Look back at 2004 to decide what you will do, and what you will change, for 2005.

One of my favorite quotes is from Jack Welch, former CEO of General Electric. He once said: "Reality is seeing things the way they are rather than the way that you want them to be."

That quote can easily be applied to an HVAC business or in fact, any business. Many times, I hear that business owners are the last to know when something is happening. Maybe a key employee is unhappy and looking for a job, or a project is not meeting budget, or another issue is being kept from the boss.

So when you started looking at what you want to accomplish in 2005, get out of your office, into service trucks and on jobsites. That should be the cornerstone of your plan. Talk to customers and employees. Find out what is really happening from their perspective.

Here are some questions to ask when beginning 2005:

What did I do well in 2004 that I'm going to continue doing?

What went wrong and what did I learn from it so that I don't do it again?

Am I really going to plan and work my plan? And, I don't mean for a month. I mean for a year. Who is going to be helping me make sure that I stay on track?

Where am I going to put my business plan so that I can make sure that I am tracking budget versus actual costs? Am I going to be proactive rather than reactive this year?

Once you have determined the answers to these questions, get someone to help you make sure that you monitor progress.

It's a lot easier with someone who has your best interest at heart - even if you don't want to hear some of the things that person has to say.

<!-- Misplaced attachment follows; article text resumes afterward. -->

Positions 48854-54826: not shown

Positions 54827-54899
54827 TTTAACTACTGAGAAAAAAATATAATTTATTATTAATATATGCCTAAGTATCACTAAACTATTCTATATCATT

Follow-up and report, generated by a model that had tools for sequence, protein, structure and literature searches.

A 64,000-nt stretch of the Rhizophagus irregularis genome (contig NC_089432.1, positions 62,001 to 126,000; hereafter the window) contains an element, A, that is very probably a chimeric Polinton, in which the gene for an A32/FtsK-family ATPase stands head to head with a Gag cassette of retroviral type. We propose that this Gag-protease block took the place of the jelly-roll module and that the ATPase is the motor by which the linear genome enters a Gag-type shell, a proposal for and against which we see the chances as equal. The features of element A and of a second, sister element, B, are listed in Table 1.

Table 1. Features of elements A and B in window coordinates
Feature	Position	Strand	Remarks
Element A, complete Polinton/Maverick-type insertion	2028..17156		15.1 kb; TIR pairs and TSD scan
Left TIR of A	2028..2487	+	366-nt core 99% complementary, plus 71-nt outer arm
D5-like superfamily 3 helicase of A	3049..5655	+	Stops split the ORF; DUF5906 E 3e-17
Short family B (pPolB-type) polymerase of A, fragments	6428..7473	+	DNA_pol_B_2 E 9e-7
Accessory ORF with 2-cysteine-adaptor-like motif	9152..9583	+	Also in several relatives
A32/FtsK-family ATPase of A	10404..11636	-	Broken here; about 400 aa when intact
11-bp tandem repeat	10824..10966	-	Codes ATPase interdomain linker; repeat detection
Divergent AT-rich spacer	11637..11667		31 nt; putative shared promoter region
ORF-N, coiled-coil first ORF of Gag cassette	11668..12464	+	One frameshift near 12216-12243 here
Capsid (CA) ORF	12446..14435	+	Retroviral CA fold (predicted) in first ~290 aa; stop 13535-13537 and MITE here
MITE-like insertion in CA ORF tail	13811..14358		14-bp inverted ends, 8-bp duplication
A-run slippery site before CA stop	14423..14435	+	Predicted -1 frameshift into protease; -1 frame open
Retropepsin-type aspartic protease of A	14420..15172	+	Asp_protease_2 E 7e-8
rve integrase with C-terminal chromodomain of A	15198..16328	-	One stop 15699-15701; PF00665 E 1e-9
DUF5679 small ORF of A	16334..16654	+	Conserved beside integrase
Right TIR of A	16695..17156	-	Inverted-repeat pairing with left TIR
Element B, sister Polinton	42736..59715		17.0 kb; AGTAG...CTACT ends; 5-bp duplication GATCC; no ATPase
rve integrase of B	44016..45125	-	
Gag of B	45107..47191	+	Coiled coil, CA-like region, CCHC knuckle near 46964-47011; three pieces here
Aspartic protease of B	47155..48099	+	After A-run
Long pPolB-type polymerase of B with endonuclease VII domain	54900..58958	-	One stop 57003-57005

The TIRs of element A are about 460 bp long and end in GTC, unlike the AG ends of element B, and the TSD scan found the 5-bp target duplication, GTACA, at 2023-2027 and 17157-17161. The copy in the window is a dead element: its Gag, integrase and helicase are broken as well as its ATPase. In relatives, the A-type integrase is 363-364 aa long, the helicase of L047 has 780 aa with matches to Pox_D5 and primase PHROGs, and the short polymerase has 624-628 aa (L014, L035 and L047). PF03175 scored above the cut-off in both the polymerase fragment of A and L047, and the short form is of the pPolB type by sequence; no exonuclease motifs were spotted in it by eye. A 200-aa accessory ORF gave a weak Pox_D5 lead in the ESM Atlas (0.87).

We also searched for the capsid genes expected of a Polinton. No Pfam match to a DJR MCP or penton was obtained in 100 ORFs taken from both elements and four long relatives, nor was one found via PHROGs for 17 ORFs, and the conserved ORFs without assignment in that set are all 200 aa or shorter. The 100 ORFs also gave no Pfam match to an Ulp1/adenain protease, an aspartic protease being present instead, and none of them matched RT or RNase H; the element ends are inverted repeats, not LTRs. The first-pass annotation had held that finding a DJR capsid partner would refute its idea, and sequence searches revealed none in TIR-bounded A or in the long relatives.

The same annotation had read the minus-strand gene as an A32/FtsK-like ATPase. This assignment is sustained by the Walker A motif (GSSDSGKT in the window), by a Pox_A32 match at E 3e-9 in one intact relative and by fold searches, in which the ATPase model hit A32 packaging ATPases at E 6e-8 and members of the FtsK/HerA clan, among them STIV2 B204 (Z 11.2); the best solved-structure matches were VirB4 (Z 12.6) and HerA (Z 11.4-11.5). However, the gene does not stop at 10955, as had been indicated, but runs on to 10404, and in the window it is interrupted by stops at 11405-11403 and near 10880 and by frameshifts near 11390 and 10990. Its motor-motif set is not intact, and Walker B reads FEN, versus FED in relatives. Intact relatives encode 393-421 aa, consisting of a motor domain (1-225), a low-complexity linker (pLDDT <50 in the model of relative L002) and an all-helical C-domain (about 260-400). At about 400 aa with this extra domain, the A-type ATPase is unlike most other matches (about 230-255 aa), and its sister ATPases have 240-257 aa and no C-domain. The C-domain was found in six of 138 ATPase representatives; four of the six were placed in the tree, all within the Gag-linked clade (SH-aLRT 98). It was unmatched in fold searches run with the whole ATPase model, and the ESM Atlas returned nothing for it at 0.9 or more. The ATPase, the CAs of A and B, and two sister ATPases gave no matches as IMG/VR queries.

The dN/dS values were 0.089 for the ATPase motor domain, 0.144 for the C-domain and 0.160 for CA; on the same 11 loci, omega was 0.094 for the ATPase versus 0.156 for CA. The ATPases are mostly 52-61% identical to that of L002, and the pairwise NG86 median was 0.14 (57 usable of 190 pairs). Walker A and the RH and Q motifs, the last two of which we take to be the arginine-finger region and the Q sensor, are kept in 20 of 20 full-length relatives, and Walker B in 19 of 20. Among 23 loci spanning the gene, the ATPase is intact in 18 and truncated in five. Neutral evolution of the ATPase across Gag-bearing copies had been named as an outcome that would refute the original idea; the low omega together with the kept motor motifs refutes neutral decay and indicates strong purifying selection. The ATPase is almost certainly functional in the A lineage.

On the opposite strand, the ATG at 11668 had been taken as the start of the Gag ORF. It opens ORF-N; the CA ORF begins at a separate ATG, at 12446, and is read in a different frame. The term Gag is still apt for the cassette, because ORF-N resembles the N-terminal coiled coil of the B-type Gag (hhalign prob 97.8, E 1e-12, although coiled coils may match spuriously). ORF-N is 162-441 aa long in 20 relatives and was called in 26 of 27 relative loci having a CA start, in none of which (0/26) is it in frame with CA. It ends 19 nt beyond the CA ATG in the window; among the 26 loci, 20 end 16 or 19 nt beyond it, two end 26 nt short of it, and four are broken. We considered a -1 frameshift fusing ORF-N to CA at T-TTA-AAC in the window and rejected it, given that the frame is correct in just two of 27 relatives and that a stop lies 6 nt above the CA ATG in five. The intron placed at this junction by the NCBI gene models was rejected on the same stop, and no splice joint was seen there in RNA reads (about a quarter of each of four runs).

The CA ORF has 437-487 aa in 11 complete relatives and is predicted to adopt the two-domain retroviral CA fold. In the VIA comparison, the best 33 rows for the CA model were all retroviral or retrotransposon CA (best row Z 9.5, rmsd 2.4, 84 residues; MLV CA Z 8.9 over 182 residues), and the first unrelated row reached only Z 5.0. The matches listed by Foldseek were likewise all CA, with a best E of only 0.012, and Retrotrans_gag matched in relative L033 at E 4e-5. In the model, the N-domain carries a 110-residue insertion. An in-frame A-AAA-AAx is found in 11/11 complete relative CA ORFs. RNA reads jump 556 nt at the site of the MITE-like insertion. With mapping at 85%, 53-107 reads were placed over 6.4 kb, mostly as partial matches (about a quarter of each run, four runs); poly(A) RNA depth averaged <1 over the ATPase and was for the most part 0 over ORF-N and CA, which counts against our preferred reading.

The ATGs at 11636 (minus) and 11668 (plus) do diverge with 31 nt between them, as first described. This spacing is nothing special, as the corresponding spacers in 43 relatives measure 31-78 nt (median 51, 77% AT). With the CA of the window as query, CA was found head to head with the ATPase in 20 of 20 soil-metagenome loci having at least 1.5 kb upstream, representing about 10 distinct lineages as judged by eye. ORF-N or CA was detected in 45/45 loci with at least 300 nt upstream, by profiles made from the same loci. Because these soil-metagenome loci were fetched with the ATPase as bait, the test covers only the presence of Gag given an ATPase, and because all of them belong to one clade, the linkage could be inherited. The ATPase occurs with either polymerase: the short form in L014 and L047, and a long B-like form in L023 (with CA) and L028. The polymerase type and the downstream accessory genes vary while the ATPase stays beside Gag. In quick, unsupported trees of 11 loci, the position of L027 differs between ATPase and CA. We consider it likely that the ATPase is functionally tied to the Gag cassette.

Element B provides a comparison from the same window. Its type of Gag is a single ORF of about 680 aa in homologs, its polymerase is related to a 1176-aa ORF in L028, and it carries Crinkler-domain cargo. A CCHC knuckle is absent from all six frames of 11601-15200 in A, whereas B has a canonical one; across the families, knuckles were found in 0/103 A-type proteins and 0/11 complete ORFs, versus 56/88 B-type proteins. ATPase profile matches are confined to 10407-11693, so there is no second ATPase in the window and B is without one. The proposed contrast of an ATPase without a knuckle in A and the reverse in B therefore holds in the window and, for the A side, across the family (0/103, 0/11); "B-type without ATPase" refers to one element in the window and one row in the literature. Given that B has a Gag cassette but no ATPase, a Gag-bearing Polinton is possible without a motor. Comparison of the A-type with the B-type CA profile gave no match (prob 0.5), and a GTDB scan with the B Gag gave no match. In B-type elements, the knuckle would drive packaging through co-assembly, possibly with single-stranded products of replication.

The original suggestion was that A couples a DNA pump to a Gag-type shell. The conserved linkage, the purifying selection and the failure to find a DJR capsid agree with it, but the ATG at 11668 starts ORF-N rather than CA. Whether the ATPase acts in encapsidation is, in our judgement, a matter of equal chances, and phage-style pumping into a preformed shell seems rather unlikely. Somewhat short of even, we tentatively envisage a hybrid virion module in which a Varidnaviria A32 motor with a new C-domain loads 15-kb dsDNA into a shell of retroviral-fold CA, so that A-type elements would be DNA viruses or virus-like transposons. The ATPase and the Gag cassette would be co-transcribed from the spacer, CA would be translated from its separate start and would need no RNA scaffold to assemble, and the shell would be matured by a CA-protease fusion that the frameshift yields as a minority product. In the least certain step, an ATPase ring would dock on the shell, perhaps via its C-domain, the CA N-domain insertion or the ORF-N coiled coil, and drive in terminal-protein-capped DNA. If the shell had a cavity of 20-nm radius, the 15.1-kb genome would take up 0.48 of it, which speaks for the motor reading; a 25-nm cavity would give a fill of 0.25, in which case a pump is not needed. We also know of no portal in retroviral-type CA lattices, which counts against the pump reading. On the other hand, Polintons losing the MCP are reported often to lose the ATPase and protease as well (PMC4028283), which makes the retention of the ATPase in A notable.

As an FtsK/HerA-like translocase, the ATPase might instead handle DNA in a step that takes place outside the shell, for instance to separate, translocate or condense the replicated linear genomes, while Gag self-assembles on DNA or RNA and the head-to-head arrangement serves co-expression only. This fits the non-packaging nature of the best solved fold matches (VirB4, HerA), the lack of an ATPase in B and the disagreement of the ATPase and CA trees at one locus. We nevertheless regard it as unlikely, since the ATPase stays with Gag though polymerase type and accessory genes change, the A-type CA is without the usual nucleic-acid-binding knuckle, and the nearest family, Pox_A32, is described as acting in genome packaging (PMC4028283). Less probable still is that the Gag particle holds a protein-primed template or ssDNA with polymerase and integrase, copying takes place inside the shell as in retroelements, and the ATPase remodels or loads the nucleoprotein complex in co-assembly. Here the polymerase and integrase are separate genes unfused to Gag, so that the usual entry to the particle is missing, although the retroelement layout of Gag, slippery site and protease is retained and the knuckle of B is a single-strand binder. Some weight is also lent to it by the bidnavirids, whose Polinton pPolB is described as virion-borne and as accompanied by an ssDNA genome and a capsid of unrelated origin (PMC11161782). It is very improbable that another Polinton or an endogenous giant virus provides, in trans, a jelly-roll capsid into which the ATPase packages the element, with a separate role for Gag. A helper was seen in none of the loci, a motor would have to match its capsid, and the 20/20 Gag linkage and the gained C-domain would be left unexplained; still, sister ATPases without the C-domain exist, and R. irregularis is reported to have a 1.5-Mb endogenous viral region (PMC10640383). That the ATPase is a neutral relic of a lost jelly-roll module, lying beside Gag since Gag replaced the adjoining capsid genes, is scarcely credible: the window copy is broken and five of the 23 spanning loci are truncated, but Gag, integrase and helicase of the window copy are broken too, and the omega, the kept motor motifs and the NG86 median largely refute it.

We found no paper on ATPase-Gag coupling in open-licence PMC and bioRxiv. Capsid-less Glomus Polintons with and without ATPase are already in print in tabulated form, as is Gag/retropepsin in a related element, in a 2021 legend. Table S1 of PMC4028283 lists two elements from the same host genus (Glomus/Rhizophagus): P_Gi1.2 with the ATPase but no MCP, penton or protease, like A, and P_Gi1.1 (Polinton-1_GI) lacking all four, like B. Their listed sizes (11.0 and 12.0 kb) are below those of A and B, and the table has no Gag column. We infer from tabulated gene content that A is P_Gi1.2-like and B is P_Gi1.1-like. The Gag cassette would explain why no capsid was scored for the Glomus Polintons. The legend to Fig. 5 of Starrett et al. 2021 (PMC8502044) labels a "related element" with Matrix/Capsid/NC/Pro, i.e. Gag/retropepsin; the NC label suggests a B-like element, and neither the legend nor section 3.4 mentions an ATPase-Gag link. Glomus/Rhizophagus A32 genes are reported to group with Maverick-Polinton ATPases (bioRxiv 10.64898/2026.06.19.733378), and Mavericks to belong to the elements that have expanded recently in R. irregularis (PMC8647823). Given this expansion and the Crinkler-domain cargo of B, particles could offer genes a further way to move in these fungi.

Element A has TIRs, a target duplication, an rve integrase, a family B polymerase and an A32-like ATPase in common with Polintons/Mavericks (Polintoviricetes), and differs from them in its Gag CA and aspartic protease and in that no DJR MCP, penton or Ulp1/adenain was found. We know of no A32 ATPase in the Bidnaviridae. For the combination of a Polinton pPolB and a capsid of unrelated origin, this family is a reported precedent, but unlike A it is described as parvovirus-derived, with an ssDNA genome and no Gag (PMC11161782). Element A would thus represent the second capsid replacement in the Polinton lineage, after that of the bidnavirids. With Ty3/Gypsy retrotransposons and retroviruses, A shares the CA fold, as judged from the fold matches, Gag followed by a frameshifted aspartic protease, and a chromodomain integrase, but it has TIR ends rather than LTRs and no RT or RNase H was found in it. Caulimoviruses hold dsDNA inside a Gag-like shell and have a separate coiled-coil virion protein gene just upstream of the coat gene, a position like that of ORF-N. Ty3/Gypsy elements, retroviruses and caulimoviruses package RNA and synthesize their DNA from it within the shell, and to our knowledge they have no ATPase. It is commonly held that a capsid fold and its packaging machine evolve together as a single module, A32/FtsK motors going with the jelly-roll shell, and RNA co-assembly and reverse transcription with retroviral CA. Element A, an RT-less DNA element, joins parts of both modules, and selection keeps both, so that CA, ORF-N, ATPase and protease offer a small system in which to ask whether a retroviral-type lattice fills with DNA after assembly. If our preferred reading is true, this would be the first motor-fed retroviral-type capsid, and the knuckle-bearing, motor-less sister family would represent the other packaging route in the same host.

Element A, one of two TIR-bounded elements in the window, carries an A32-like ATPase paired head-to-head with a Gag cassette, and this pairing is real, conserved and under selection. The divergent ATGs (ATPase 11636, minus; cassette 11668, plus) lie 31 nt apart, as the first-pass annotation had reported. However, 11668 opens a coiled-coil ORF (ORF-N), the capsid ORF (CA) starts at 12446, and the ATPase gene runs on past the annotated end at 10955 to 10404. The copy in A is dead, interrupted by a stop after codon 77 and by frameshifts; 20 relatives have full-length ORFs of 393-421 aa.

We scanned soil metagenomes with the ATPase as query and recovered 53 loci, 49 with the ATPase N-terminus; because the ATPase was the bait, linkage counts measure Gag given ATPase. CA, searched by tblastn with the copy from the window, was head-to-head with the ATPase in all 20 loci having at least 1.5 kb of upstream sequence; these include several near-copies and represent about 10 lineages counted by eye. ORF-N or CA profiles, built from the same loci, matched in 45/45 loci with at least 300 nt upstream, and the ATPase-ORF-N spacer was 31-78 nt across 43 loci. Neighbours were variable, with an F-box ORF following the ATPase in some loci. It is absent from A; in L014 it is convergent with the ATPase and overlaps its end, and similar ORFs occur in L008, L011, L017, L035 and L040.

I wish all of you a successful 2005.

Acceptance and success

Speaking of success, whether or not we openly show it, acceptance, recognition and praise is craved by everyone. We all like compliments. We all like to be told good things about ourselves. Praise affects our self-esteem.

People will act and behave in a certain way to validate compliments. They have the power to change behavior because compliments make the recipient feel needed and valued. However, the compliments have to be real. We can all tell when someone is just saying something and really doesn't mean it. Our intuition kicks in and tells us, "This person wants something." It puts us on guard.

I've often said, "Catch them doing something right" and "Praise in public and punish in private." When someone else gets a public compliment, it makes many of us want to get a compliment in front of others too. We may subtly alter our behavior to solicit the same comment - and, of course, that is exactly what we want our employees to do.

Go to jobsites. Now that it is hot, bring them a Coke (I'm from Atlanta, for all of you Pepsi fans) or bring them ice cream. It will be a welcome surprise and break. Thank them for their hard work. You'll be surprised at the results if you've never done it before. And it will make you feel good.

For people who have sold their first service agreement, compliment them in public. It may initially embarrass them, but deep down they'll will appreciate it and continue the behavior. Catch your employees doing something right. Praise them for it in public and you'll get them doing it right all the time.

(Copyright 2004, Ruth King. All rights reserved. Write to Ruth King's American Contractor Exchange, 1650 Oakbrook Drive, Suite 405, Norcross, GA 30093. Call (800) 511-6844; fax: (770) 729-8028. See www.acecontractor.com on the Internet.)